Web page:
Greenwashing is the process of conveying a false impression or providing misleading information about how a company’s products are more environmentally sound. It leads consumers into believing that a company’s products are environmentally friendly.
In a global study 70% of Gen Z shoppers confirmed they try to buy from companies they consider being ethical.
Profit above all else
In an increasingly green-concerned world, greenwashing has become a term used more and more. Pollution, unnecessary goods, non-recyclables, nature destruction, and lack of care for anything but profit, led us to the point where consumers realize that the impact of business giants is becoming more and more irreversible.
In a global study, 70% of Gen Z shoppers confirmed they try to buy from companies they consider to be ethical.
Another 73% of Millennials said they are ready to spend more on sustainable brands.
With those numbers, it is no wonder more and more marketing campaigns are ‘going green’.
What is greenwashing?
Because of the imminent need for change in our carbon footprints, the market, had to act. Consumers care about the goods they are buying and are attracted to the ethical, eco-friendly, non-caged, sustainable, and organic labels. Producers adapted quickly, and while the real ethical, sustainable, and eco-friendly businesses led the charge, they were quickly disposed of by greenwashing and big wallets.
‘People do’ campaign
In 1985 one company decided to launch a campaign that will to switch the narrative of them being the polluter into them being the savior – and it worked so well that the campaign ran for full 5 years.
The campaign highlighted how the workers of the company are changing landscapes to aid the local wildlife. The problem was that those workers were extracting oil from the same localities they advertised saving.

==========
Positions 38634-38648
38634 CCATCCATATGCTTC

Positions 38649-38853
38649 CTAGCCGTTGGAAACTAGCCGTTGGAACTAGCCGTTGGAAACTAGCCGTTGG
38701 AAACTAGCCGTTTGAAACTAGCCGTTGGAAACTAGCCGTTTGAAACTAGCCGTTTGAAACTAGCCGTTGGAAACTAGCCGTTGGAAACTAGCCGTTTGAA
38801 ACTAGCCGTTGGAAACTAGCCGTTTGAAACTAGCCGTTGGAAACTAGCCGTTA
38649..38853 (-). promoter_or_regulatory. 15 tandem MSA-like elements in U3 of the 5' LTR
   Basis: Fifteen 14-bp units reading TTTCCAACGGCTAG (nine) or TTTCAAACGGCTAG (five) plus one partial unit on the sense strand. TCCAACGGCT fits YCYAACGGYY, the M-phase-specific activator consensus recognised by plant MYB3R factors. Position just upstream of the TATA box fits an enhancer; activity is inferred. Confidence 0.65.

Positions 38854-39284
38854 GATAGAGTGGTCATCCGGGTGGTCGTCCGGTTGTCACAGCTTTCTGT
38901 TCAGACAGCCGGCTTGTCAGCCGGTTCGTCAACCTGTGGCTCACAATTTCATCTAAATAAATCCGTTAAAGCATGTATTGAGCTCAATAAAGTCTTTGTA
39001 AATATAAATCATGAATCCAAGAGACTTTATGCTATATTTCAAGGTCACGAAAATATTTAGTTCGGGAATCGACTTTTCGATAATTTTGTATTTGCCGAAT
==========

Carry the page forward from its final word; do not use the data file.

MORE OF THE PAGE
So, what’s the problem now?
Greenwashing has changed over the last 20 years, but it’s certainly still around. As the world increasingly embraces the pursuit of greener practices, corporations face an influx of litigation for misleading environmental claims. Although, that still isn’t enough for some to change their practices and invest the marketing money into a more sustainable operations.
In addition, we, the consumers, can’t be sure what is really green and what is greenwashed.
Going green shouldn’t be an advertising tactic or an ad idea. It is a strategy. That’s what we call sustainability!
Let’s go Green Sherlock Holmes
Just as we separate our waste, there is a way to separate greenwashed brands and really green brands.
Green marketing is usually practical, honest, and transparent, and it follows the following criteria:
- Manufactured in a sustainable fashion
- Free of toxic materials or ozone-depleting substances
- Recyclable or produced from recycled materials
- Made from renewable materials
- Not made of materials harvested from a protected area
- Not manufactured with slave labor or by workers who are not fairly paid
- Does not use excessive packaging
- Designed to be repairable rather than disposable
If you are a green brand, you are trying to preserve nature and get your good message across; we can surely help. But you can also follow the rules such as:
- Make your claims clear and easy to understand
- Back up your sustainability claims with data
- Clean up your operations (you can be sustainable in digital also!)
- Be honest about your brand’s sustainability practices and plans
- Make sure images on ads and packaging are not misleading
Going green shouldn’t be an advertising tactic or an ad idea. It is a strategy. Preserving what we have, reusing assets, and recycling old ones is the way for your brand to make a difference. CMG promotes digital sustainability as well as sustainability as a whole. To learn more, get in touch and read more about in our digital sustainability article on our blog.
Stay happy, stay green!